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Vike-Freiberga tells life story in BBC interview Vike-Freiberga tells life story in BBC interview

Aug 122019

Vike-Freiberga tells life story in BBC interview

The President of WLA-CdM fled Latvia aged 6 as the Soviet Union was occupying the Baltic state. She only returned in 1998, aged 60, after living in exile in Canada. Vaira Vike-Freiberga then became the country's President —the first female Head of State of the former Soviet bloc— and helped Latvia join NATO and the EU

Vaira Vike-Freiberga, President of World Leadership Alliance-Club de Madrid (WLA-CdM), was the subject of an in-depth interview at BBC Radio for Her Story Made History, a programme that narrates the stories of remarkable women and the relationship between women and democracy. 

The former President of Latvia told BBC host Lyse Doucet about her turbulent childhood: Her family had to flee Latvia in the 1940s as the Red Army was occupying the country, only to find themselves staying at refugee camps in Germany and Morocco. Aged seven, Vaira Vike-Freiberga wouldn’t see Latvia again until 1998, when she returned to the country aged 60. 

As an exile in Canada, Vike-Freiberga went on to study Psychology, eventually becoming Doctor Honoris Causa. She lectured for 33 years at the University of Montreal, mastered five languages and published 10 books.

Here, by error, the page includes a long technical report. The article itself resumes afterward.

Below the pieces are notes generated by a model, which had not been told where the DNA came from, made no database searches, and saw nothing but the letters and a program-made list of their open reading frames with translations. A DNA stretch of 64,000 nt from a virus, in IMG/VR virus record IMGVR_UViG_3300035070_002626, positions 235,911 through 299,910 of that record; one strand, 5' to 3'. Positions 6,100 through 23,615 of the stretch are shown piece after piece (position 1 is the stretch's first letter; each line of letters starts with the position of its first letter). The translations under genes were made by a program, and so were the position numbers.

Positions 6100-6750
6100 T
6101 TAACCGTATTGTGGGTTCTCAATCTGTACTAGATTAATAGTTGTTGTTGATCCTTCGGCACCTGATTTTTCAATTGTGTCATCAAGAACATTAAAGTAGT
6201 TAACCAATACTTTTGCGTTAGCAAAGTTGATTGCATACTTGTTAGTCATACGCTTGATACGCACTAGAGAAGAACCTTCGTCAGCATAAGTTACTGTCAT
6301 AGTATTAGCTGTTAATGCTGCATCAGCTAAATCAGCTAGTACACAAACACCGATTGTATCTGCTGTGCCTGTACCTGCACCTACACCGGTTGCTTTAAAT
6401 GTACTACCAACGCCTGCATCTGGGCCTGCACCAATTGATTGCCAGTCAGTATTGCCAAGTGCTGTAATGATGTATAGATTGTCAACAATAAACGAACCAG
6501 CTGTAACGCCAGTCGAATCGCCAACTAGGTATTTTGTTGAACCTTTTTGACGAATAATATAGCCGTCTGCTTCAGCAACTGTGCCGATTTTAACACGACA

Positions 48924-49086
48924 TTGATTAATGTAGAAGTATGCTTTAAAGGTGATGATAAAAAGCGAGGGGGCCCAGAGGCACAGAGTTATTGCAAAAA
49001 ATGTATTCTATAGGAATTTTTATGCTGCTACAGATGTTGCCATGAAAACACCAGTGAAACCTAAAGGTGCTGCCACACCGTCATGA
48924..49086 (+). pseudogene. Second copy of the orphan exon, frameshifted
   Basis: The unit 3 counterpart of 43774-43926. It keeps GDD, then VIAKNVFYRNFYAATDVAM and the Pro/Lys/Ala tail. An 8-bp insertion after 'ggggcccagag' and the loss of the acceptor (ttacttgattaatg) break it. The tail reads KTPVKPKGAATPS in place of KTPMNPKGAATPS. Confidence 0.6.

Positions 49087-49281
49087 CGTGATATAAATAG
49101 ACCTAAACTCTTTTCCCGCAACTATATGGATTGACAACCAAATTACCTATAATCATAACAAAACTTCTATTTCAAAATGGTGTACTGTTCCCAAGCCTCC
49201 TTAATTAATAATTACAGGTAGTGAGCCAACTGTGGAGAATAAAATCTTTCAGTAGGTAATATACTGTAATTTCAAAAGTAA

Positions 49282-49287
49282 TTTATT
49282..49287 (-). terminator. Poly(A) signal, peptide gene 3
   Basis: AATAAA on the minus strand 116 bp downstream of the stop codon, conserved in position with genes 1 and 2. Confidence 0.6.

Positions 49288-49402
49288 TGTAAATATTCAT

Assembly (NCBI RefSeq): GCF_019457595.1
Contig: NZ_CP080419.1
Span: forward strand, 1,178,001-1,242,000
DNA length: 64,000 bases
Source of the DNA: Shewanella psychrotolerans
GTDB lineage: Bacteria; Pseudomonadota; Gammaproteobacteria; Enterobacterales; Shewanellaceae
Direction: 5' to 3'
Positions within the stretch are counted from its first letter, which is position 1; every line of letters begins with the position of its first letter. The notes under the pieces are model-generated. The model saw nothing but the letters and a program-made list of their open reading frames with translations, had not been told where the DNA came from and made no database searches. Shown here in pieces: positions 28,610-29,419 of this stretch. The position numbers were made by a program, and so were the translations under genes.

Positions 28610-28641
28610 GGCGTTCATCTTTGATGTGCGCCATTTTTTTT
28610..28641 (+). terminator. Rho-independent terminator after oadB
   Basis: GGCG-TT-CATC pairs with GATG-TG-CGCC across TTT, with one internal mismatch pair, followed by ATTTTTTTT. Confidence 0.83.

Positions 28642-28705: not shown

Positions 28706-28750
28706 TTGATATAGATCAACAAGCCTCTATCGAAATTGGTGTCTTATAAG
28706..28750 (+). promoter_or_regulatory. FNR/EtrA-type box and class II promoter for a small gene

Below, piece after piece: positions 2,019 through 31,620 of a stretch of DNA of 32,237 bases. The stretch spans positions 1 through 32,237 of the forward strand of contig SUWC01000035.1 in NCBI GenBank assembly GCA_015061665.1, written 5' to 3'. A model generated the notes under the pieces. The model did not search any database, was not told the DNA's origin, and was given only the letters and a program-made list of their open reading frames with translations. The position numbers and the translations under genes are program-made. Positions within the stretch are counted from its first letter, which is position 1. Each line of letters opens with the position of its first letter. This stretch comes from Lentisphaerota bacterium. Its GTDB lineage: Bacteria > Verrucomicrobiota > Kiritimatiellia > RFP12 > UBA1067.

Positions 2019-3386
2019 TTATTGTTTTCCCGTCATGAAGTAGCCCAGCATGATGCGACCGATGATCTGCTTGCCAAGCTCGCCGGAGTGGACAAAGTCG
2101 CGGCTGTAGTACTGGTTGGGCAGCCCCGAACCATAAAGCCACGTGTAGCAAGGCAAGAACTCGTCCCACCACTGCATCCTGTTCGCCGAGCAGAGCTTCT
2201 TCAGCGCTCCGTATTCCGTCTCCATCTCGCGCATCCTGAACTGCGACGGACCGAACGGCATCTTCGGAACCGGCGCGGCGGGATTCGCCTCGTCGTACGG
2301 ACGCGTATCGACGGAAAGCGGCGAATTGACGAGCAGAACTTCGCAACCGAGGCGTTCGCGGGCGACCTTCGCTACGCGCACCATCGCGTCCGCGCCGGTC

Shortly after Latvia recovered its independence, Vike-Freiberga returned to her country in 1998: “My parents never let me forget that I am Latvian,” she told Ms. Doucet. 

Vike-Freiberga became President of Latvia the following year serving two terms. At times, her approval ratings soared to 85%. During her time in office, Latvia joined the European Union and NATO. 

"I was somebody who was not interested in making money or anything like that, but simply in doing a job”, said the former President of Latvia, who also recalls her goodbye speech at the Latvian Parliament. Addressing the topic of corruption, the speech received a cold reception among many MPs. She felt it this way, explains the former President of Latvia, because she didn’t get the customary flowers after giving the speech.

Right after this event, Latvians spent days and nights assembling a vast sea of flowers in the shape of a sun. “A sendoff as no president has ever had”, said Vike-Freiberga. 

Vaira Vike-Freiberga was also one of the 35 acting Heads of State and Government that gathered in Madrid in 2001 for the Conference in Transitions and Democratic Consolidation that led to the creation of WLA-CdM. She is the current President of this organization since 2014.  

Lyse Doucet, BBC’s journalist who conducted the interview has also been previously engaged with WLA-CdM in 2005. She moderated the session Democratic Reform in the Arab World at our International Summit on Democracy, Security and Terrorism

Links

Listen to the full BBC interview.

Read more about Vaira Vike-Freiberga's story.

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